Homily 6th Sunday of Easter 5th May 2024

Homily 6th Sunday of Easter 5th May 2024

The first fruit of the paschal mystery is that the reality of God is described to God’s people not in terms of some eternal power that forces itself on a person, but rather in terms of an inner state, something that happens inside a believer.

The words that are used by St John to speak of all of this are love and joy; it is St John who tells us what love is. According to the second reading: “Love consists in this, in that God has loved us, and sent his son as an offering for us.” So, most simply put, love is what Christ has done for us.

That is what we must do for one another, in every situation in which we find ourselves.

The first thing that Christ did or us was to give himself. He did so freely, with full awareness of all the implications of the choice. And so must we if our relationship with others is genuinely loving, we walk into it with our eyes wide open.

Just as Christ did for us, love must mean accepting a certain amount of responsibility for the welfare of others. Recognising that to a certain extent what is good for the other I must consider as good for me as well.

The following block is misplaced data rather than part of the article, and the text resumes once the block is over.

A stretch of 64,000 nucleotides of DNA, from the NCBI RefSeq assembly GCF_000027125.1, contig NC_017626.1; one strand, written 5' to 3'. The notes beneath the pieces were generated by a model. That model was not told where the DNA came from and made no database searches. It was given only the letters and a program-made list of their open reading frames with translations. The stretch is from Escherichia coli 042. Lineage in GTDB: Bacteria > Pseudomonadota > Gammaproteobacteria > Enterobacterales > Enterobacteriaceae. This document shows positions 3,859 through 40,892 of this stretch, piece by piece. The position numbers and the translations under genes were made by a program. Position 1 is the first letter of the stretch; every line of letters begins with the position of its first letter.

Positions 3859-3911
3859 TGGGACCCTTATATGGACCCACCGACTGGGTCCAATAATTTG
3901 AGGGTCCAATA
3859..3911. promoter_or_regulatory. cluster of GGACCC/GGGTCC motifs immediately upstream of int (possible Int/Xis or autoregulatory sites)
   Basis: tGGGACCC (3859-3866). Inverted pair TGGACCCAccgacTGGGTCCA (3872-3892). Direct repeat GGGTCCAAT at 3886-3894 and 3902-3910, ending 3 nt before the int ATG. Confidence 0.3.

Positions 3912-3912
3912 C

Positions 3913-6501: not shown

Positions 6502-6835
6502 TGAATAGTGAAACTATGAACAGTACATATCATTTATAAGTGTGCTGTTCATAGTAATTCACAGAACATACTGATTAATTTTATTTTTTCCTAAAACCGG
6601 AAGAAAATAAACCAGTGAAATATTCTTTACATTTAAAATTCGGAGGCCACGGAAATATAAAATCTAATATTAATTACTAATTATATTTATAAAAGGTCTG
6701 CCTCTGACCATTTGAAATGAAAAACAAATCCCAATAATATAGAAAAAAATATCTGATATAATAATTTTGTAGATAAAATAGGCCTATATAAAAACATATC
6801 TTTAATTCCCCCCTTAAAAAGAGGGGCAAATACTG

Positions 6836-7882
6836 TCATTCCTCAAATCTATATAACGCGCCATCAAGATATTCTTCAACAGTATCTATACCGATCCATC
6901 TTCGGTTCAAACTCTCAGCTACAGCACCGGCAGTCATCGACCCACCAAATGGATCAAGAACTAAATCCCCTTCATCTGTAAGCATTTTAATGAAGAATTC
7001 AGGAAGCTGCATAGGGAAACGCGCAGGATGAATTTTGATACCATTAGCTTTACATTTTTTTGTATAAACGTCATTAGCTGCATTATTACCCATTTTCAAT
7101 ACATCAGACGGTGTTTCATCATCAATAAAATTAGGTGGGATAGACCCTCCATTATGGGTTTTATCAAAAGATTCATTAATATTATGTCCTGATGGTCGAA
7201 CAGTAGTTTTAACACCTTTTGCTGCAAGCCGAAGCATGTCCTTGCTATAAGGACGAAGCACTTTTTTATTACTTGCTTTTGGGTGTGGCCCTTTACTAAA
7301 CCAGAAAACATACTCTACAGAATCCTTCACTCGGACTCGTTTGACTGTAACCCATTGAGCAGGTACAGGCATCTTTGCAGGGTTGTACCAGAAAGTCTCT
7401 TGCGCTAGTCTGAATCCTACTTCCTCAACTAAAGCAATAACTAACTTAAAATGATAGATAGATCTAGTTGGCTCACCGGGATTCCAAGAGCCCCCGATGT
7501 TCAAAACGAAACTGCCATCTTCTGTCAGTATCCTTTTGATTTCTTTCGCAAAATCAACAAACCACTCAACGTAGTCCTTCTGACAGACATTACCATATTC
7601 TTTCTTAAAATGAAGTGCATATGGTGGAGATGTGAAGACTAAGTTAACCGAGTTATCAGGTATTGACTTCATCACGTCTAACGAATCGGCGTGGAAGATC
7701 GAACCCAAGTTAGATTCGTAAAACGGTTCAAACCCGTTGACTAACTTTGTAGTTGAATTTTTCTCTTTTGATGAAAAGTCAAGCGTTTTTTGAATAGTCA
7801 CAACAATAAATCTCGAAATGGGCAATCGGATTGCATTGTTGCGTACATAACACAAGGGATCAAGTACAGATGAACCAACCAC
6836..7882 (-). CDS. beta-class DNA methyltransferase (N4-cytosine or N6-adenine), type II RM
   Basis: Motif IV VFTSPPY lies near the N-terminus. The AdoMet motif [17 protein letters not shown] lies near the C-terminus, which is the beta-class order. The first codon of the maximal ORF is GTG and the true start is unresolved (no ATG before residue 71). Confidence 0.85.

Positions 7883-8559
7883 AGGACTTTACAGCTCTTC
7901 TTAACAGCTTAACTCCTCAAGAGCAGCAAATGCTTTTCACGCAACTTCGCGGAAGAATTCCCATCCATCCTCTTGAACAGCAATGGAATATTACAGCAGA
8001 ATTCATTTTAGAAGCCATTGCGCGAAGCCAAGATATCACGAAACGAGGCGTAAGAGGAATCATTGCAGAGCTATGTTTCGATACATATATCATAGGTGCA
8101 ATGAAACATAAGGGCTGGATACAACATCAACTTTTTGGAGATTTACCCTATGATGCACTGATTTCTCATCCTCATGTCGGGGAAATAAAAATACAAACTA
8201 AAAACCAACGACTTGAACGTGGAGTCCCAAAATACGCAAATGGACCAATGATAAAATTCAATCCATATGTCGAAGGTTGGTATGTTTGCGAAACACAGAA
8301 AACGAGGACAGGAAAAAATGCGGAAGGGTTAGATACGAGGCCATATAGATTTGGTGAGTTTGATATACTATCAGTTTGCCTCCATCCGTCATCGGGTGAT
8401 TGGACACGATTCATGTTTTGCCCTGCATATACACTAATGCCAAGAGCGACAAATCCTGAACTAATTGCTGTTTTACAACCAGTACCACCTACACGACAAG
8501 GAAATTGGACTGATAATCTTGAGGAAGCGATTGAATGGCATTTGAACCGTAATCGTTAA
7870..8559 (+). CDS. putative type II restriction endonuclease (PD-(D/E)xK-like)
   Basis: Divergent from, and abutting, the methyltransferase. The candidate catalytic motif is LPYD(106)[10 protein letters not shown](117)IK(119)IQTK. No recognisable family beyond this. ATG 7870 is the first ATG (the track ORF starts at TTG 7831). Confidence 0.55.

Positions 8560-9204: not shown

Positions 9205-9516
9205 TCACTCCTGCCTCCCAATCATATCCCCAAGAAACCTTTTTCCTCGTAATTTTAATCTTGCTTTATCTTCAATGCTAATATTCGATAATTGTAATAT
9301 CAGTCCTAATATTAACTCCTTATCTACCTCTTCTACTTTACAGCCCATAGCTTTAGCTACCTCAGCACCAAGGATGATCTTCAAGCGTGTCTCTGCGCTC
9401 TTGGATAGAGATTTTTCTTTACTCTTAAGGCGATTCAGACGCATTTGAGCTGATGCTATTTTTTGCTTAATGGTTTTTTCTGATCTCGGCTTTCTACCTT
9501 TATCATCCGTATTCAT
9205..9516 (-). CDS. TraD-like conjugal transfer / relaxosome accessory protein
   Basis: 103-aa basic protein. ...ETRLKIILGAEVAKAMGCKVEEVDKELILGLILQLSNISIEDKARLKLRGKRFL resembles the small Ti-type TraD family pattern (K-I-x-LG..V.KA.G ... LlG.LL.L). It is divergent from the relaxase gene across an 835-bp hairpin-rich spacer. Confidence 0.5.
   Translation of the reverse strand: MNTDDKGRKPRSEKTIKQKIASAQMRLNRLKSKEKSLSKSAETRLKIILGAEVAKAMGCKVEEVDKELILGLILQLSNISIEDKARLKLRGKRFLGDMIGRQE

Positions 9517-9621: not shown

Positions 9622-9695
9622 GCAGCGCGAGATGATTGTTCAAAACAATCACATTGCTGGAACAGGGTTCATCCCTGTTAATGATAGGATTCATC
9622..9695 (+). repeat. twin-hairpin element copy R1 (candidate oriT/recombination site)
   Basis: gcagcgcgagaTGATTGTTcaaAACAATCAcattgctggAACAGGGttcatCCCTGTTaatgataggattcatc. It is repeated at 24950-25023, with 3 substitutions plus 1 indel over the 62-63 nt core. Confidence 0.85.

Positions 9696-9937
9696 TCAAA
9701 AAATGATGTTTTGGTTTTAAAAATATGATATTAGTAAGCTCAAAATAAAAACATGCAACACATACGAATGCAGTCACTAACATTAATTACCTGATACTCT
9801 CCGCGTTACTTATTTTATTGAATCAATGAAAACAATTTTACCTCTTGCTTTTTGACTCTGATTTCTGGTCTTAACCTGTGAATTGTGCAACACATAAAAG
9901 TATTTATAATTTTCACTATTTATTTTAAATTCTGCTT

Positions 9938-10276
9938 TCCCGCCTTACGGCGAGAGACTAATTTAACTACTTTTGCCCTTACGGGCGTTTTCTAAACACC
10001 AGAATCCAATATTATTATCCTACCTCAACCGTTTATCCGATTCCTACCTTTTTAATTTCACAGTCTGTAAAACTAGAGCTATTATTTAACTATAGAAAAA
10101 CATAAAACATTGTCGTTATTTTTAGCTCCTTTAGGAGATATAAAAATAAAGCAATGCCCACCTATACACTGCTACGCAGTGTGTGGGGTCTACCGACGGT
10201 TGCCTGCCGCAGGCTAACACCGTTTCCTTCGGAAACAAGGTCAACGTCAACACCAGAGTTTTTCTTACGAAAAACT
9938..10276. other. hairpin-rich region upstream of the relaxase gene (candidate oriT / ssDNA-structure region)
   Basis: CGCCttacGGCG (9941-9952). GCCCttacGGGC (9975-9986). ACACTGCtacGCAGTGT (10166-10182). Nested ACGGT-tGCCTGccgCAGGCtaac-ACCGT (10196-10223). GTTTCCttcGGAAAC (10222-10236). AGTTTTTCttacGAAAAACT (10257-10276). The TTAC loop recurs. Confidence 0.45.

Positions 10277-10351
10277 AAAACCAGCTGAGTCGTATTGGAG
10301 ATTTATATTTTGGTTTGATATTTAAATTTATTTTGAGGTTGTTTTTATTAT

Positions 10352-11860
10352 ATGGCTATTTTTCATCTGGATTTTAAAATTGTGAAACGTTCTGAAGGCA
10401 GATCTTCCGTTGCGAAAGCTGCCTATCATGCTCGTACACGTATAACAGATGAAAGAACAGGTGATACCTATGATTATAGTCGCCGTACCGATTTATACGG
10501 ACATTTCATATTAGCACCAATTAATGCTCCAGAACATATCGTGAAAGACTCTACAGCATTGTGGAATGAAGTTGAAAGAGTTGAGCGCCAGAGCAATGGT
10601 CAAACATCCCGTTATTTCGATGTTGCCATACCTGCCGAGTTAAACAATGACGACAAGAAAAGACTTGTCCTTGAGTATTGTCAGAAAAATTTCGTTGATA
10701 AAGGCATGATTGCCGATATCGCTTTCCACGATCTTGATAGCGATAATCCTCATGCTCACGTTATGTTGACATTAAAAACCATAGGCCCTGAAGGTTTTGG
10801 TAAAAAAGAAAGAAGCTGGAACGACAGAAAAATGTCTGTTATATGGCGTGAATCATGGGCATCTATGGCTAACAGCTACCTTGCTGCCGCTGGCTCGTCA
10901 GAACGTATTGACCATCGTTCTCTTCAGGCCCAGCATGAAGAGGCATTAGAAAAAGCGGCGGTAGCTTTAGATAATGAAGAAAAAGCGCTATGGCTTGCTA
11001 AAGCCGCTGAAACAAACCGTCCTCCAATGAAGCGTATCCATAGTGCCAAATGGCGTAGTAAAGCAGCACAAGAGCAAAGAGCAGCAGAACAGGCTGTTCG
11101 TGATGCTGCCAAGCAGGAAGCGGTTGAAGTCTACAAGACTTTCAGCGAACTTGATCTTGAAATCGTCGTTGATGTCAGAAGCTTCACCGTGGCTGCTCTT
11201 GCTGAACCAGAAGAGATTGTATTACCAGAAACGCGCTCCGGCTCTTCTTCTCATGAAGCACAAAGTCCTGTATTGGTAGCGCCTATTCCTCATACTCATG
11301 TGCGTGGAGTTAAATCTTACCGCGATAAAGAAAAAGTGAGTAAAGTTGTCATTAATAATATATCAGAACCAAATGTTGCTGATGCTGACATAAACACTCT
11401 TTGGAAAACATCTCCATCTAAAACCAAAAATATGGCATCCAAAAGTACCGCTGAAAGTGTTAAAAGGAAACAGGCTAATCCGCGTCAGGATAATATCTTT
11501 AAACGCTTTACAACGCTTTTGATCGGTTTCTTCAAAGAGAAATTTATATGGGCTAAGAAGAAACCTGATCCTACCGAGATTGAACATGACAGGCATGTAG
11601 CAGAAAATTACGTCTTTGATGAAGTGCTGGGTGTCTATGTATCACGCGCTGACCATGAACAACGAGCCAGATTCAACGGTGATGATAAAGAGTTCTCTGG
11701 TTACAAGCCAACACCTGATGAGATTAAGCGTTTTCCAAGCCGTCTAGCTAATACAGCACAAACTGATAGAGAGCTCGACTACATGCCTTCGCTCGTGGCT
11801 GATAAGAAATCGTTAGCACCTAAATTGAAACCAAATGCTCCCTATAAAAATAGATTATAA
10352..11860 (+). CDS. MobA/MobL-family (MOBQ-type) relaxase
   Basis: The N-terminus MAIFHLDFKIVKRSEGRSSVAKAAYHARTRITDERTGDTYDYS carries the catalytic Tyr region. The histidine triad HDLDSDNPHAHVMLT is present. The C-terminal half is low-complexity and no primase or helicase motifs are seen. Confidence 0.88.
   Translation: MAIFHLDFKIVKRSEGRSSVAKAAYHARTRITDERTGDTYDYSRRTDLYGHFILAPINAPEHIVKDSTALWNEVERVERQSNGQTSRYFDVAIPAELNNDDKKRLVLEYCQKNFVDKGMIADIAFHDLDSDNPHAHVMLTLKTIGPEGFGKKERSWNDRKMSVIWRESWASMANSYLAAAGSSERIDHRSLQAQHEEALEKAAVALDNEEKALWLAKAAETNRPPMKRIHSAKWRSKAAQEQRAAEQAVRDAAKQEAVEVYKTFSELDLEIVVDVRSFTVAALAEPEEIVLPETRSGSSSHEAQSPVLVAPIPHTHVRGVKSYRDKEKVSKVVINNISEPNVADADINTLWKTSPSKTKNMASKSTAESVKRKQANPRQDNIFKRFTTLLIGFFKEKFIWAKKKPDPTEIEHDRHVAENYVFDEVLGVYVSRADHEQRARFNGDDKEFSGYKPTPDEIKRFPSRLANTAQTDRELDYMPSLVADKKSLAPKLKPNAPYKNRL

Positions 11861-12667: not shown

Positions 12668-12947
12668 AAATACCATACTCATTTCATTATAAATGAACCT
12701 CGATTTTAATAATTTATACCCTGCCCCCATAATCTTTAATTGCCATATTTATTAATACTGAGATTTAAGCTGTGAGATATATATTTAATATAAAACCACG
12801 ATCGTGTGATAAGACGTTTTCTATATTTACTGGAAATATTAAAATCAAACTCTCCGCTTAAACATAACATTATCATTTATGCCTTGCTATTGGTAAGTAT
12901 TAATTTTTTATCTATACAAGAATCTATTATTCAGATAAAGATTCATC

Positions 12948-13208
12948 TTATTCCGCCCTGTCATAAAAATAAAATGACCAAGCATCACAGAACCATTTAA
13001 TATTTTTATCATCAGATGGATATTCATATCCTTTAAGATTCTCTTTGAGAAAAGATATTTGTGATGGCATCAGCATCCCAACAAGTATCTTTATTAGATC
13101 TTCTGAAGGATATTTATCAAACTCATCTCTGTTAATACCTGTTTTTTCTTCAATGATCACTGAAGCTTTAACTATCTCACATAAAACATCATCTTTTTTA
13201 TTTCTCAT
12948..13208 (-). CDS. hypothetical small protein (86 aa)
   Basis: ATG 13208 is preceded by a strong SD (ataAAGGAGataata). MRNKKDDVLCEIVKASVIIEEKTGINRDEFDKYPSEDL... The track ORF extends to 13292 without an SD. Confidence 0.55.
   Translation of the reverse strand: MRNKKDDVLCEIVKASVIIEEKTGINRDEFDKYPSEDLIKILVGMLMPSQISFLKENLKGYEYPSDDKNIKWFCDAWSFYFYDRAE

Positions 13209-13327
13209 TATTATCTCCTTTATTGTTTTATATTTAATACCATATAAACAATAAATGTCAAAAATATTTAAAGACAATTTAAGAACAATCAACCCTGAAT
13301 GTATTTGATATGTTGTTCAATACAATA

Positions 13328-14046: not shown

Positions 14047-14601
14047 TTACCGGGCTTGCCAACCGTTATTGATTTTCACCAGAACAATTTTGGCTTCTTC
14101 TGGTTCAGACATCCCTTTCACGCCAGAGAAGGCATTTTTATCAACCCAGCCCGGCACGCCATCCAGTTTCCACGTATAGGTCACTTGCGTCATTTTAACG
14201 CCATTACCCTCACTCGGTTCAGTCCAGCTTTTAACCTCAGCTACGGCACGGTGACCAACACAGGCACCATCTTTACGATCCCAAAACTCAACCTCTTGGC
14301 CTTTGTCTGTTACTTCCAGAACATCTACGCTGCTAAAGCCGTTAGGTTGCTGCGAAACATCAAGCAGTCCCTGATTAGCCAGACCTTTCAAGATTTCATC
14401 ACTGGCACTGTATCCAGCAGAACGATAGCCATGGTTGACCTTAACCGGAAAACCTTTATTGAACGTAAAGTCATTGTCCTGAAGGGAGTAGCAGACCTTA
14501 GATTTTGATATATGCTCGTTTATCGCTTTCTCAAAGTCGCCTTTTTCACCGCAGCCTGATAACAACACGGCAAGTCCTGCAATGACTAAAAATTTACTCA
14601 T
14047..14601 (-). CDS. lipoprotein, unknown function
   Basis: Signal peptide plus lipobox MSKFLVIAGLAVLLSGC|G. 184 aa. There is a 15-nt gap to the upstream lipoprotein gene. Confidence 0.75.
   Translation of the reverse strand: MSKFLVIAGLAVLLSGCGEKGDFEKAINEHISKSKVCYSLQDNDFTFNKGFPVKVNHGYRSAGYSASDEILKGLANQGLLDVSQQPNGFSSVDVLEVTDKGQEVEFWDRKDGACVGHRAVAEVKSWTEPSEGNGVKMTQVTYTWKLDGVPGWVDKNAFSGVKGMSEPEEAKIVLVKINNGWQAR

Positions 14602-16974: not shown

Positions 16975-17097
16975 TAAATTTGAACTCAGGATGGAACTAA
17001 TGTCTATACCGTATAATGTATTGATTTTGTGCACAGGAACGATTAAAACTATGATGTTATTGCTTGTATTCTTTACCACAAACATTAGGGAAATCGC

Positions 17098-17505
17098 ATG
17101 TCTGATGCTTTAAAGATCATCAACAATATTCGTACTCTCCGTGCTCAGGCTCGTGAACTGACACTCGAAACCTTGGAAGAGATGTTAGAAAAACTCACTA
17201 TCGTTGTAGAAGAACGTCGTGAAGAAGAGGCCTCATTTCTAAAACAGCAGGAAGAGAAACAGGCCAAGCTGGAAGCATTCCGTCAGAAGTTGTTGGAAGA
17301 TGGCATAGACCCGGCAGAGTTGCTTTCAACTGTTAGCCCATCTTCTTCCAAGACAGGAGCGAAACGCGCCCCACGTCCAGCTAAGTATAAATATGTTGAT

I say, ‘to a certain extent’ because real lovers never try to substitute their own virtue or ability for that of the other. Rather, a true lover assists others in engineering their own growth, exercising their own virtue and ability; a true lover demands of others that they become the best they can be.

Once that demand is made, a true lover steps back and allows it to happen. For sure, it is at this point that the quality of love is most sorely tested, the point at which control is freely surrendered: willingness to let the circumstances of our lives strip us of power, of control.

Finally, in his Gospel, St John gives us one of the surest signposts to use in judging whether or not all of this is happening. The word he uses is Joy. In Christ’s words, “I have done all this, and you must do it too, so that your joy may be complete.” That is the mark of a lover, the mark of a Christian lover: joy.

Joy means a basic sense of rightness about one’s life. To go beyond the experience of the moment and say, “Even though it may not feel like it from time to time, things are going about as they should. Even if I have to grapple from time to time with problems, they are real problems, and working to find a solution to them will mean real growth.”

So, God has indeed loved us and sent us to love one another. In the face of that the only possible response is joy.